The Thornhill Club was established as a golf club in 1922. It became an all season club with the opening of the curling rink in 1963. Current facilities include an eighteen-hole championship golf course, a nine hole executive golf course, a curling rink, full fitness facility, outdoor tennis courts, golf practice areas and a clubhouse.
Renowned golf course architect Stanley Thompson designed the eighteen-hole golf course. The present course has retained the classic golf course design and features of a Thompson course, with strategic bunkering, the illusion of distance, dramatic variations in hole length and fairway width, intricate mounding, subtly breaking greens, and elevated tees. The clubhouse, in the midst of well-landscaped gardens and walkways, is situated to provide a scenic vista overlooking the golf course.
Golf legend Byron Nelson is forever linked with The Thornhill Club, the site of one of golf’s greatest records.
In August, 1945, Nelson had just won his tenth consecutive PGA Tour tournament, with a score of 19-under par. He moved from Chicago to Canada to play the Canadian Open a week later in a field that included greats like Sam Snead, Claude Harmon, and Canadian Stan Leonard. Thornhill’s second club professional, Arthur Hulbert, and his successor, the legendary Joe Noble, also competed.
The entire four days of the tournament were played in hot, steamy weather that took its toll on players and spectators. Nelson showed up for his final round very tired, but after making par on the first hole, he proceeded to the 2nd hole and topped his tee shot into the river below.
After taking a drop, he hit his third shot into the river again, leaving him 135-yards. As Byron walked up the fairway he was thinking ahead to another penalty drop, a fifth shot to the green and a possible triple bogey. When he got to the river the ball was visible since the extreme hot weather had dried up much of the riverbed. He was able to hit his fourth shot to the green about ten feet from the pin and made a fantastic bogey five.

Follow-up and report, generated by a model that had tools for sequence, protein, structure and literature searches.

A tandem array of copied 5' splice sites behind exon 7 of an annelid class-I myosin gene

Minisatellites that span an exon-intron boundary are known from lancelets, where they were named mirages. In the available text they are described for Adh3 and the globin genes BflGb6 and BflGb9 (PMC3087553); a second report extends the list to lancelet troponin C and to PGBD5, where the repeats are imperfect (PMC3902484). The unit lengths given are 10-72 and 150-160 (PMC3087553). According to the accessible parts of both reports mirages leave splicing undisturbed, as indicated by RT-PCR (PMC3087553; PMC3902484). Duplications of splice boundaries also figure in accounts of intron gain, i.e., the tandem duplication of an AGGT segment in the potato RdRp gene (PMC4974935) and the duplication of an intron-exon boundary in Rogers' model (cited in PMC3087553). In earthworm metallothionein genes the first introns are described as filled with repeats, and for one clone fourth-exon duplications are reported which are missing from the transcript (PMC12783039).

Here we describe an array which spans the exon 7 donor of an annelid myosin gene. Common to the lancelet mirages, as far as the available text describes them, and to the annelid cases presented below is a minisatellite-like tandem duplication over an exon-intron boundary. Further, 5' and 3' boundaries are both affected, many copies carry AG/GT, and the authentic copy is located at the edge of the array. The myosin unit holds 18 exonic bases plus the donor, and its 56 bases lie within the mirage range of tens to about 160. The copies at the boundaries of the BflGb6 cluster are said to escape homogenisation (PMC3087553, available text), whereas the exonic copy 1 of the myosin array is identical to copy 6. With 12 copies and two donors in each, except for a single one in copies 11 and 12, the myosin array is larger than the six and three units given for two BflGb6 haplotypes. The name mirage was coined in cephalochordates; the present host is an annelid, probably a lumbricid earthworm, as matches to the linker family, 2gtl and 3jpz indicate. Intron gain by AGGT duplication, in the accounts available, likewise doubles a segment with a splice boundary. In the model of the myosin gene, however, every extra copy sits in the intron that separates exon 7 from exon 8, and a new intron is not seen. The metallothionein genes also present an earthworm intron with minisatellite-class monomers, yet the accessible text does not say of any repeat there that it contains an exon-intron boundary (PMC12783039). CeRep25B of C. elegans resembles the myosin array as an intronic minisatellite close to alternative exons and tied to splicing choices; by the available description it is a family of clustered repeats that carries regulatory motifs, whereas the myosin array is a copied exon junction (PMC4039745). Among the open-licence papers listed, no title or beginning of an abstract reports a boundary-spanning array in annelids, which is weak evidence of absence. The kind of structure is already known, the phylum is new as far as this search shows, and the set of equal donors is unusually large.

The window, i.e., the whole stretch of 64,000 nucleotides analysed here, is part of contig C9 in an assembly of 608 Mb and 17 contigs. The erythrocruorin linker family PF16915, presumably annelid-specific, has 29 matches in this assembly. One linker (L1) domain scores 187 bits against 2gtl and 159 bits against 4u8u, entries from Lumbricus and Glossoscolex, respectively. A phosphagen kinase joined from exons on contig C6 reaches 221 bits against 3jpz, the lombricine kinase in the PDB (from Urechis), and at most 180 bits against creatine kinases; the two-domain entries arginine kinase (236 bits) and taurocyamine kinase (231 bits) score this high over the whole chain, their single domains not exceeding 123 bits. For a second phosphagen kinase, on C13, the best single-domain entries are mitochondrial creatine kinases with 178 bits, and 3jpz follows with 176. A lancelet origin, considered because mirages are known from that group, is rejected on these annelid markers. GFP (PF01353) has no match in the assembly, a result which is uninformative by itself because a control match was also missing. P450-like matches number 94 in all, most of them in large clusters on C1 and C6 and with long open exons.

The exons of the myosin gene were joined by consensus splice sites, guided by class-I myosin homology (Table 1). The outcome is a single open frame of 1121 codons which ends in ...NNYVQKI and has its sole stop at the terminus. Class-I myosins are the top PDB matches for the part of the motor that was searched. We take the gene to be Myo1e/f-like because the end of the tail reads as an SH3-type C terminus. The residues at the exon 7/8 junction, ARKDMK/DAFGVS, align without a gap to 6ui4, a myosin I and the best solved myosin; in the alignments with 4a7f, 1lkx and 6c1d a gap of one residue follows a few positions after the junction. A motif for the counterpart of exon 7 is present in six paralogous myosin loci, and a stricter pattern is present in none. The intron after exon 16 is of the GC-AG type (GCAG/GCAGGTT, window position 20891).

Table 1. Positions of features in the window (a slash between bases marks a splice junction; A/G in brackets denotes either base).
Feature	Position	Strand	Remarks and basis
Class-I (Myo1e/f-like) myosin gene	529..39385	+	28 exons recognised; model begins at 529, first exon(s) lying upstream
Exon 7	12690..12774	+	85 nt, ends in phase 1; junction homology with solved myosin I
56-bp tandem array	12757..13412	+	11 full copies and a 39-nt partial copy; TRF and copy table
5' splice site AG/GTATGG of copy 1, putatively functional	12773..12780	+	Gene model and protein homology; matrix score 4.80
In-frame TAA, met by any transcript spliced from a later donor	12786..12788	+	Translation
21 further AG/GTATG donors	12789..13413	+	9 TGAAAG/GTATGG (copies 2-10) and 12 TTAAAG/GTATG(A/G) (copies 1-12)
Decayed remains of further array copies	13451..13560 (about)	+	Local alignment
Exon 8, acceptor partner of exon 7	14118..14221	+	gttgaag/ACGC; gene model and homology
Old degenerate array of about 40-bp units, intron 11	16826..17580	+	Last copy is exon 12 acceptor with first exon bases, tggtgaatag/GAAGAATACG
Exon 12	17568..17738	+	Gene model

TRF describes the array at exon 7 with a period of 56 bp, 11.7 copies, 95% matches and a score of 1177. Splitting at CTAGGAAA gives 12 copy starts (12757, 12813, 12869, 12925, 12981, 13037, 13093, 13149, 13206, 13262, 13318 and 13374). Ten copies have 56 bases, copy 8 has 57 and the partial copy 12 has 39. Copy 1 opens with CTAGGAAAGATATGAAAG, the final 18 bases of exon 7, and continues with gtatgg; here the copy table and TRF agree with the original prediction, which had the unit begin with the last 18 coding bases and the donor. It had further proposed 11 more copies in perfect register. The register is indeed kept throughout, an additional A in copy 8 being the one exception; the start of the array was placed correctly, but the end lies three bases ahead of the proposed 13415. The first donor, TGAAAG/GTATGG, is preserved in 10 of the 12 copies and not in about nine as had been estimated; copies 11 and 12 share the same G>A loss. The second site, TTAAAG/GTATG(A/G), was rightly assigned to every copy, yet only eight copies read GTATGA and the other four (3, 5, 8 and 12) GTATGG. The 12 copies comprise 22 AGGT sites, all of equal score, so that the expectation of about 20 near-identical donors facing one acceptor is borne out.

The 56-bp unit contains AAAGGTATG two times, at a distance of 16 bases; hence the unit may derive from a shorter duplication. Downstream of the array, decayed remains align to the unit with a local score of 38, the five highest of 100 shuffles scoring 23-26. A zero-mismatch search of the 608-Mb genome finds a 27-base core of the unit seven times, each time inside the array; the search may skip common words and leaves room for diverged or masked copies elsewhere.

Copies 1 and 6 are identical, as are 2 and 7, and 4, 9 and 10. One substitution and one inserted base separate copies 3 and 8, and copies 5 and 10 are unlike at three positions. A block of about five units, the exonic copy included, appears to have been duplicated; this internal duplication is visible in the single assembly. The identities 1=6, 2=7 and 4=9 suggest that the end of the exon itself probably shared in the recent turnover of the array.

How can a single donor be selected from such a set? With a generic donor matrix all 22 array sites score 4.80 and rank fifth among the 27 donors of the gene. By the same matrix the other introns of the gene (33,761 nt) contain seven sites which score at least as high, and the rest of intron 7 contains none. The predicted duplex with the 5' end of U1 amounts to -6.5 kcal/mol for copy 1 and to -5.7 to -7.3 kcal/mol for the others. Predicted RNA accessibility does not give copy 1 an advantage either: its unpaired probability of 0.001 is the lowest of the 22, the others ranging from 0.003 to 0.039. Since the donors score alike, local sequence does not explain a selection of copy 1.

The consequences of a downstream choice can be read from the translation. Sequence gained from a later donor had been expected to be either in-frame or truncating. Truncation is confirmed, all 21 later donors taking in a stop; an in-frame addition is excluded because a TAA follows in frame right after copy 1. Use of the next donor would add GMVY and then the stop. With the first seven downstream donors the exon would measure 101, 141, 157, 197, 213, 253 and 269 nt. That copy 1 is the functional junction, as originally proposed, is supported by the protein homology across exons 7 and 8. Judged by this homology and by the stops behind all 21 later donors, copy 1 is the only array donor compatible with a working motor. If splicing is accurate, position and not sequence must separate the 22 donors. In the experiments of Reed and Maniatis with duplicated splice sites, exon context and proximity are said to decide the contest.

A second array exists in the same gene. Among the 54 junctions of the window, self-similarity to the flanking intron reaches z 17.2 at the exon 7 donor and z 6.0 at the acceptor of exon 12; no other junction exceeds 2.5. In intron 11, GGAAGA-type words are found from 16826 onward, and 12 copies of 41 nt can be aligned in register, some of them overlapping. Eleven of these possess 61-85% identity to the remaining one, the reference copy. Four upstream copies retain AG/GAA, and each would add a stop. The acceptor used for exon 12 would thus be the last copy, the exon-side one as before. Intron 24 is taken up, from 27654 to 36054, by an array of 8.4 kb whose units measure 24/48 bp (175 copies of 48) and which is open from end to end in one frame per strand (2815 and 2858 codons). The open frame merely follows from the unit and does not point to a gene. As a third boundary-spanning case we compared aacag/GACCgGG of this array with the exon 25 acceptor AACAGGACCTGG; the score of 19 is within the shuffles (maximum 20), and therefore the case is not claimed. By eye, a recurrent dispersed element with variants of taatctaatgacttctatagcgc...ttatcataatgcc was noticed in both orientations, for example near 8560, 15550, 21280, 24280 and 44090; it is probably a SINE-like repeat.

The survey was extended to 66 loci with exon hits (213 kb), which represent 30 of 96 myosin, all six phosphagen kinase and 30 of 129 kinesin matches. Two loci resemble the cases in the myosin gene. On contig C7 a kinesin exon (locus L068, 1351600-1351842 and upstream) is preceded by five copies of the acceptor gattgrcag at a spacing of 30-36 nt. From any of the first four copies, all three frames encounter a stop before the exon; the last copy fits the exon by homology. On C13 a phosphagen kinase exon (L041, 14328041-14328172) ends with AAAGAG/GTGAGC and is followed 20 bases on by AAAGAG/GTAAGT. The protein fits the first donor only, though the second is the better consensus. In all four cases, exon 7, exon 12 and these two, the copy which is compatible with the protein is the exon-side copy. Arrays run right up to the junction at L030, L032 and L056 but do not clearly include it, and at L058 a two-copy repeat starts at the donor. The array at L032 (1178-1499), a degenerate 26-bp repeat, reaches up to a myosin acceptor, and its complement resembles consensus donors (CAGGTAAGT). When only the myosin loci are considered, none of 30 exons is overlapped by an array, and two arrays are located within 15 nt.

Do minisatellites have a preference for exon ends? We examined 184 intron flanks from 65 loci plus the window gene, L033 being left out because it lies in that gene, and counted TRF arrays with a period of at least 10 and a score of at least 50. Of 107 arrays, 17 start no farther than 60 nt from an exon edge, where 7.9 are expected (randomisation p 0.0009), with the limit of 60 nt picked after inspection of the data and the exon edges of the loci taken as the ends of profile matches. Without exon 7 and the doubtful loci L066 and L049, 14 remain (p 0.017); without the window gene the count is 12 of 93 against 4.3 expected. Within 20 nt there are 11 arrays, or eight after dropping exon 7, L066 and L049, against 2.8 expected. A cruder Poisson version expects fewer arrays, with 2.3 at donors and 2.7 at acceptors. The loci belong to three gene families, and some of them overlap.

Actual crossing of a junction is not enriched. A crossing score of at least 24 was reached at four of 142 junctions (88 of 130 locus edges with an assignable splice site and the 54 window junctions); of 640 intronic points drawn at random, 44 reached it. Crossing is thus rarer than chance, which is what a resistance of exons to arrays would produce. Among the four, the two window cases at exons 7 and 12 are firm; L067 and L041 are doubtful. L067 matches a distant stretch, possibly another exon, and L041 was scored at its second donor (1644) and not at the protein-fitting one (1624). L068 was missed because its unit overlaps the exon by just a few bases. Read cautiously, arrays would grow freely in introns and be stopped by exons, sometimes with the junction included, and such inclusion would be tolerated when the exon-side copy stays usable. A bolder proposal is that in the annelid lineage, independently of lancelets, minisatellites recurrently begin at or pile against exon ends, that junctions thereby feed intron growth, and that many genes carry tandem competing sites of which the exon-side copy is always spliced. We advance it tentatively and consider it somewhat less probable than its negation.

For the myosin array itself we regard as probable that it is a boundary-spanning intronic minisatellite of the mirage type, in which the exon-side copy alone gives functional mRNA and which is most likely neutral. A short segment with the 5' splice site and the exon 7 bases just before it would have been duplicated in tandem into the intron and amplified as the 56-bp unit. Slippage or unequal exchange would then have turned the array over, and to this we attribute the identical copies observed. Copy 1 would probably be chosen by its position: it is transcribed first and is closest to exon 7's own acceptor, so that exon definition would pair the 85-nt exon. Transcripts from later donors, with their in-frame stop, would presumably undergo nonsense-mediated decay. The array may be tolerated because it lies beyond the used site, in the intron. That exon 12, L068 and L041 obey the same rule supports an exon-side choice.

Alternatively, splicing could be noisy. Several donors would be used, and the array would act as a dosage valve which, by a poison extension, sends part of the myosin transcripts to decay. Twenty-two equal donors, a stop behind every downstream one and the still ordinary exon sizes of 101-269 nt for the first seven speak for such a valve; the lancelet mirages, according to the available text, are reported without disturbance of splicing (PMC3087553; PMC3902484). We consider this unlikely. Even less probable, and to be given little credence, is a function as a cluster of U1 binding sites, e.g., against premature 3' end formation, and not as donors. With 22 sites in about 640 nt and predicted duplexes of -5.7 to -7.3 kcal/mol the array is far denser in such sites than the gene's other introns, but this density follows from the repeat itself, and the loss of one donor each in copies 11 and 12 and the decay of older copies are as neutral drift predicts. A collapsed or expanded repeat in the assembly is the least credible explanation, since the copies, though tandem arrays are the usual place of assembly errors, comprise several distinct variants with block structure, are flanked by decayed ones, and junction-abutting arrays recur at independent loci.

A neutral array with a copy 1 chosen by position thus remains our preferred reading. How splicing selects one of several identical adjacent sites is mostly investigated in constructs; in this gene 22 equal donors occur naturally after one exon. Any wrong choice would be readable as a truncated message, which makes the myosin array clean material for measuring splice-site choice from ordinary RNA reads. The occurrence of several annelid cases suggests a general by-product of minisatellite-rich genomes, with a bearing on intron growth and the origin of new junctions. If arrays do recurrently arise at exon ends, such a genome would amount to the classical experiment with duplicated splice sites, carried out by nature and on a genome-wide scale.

Nelson’s Canadian caddy later became a golf pro in the U.S. and when interviewed in 1995 on the 50th anniversary of Nelson’s win, he remarked in all his fifty years as a golf professional, Nelson’s bogey on the 2nd hole at Thornhill was the greatest he had ever seen.
Nelson continued his strong play until he reached the 11th hole, now known as “Nelson’s Folly.” During the final round, Nelson attempted to drive the 11th, ended up in trouble and made a bogey, giving the hole its moniker.
However Nelson was able to hang on to finish with a score of 280, the only PGA Tour tournament he won at even par up until that time. With the win Nelson chalked up his 11th straight victory, a mark that has not been matched since.
Nelson went on to win a further six PGA Tour tournaments in 1946 and then announced his retirement the end of the year, though he was only 34 years old.
Stanley Thompson’s most famous courses still remain the tracks against which all other Canadian courses are compared. One of only two Canadian architects with a course amongst the Top 100 in the world according to Golf Magazine, each year tens of thousands of Canadians and tourists from around the globe flock to see Thompson’s work across the country. His best-known courses—like Jasper Park Lodge, Capilano, and Highlands Links—are considered Canadian golfing treasures.
Thompson’s influence is so pervasive that almost every Canadian golf designer currently working, from Thomas McBroom and Doug Carrick through to Ian Andrew, have all incorporated elements of his design style.
That’s not surprising, and even as some of his courses near the century mark, they remain the examples against which all others are judged. That’s likely because they remain testaments to their creator’s desire to make them match their settings.
In his booklet About Courses: Their Construction and Upkeep, published in 1923, Thompson stated, “Nature must always be the architect’s model. The development of the natural features and planning the artificial work to conform to them requires a great deal of care and forethought.”
That’s the case at Thornhill, as it is at Thompson’s other courses, which numbered more than 100 across Canada, the U.S., South America and the Caribbean.
As the Ottawa Citizen said about him in its eulogy, “Stanley Thompson has left a mark on the Canadian landscape from coast to coast. No man could ask for a more handsome set of memorials.”
The Thornhill Club’s course was designed by Stanley Thompson in 1922 and has been the host of the PGA Canadian Open. It’s filled with strategic bunkers, subtly breaking greens and elevated tees. It’s the kind of course that will make you reach for every club in your bag and make you a better golfer for it. In short it’s perfect.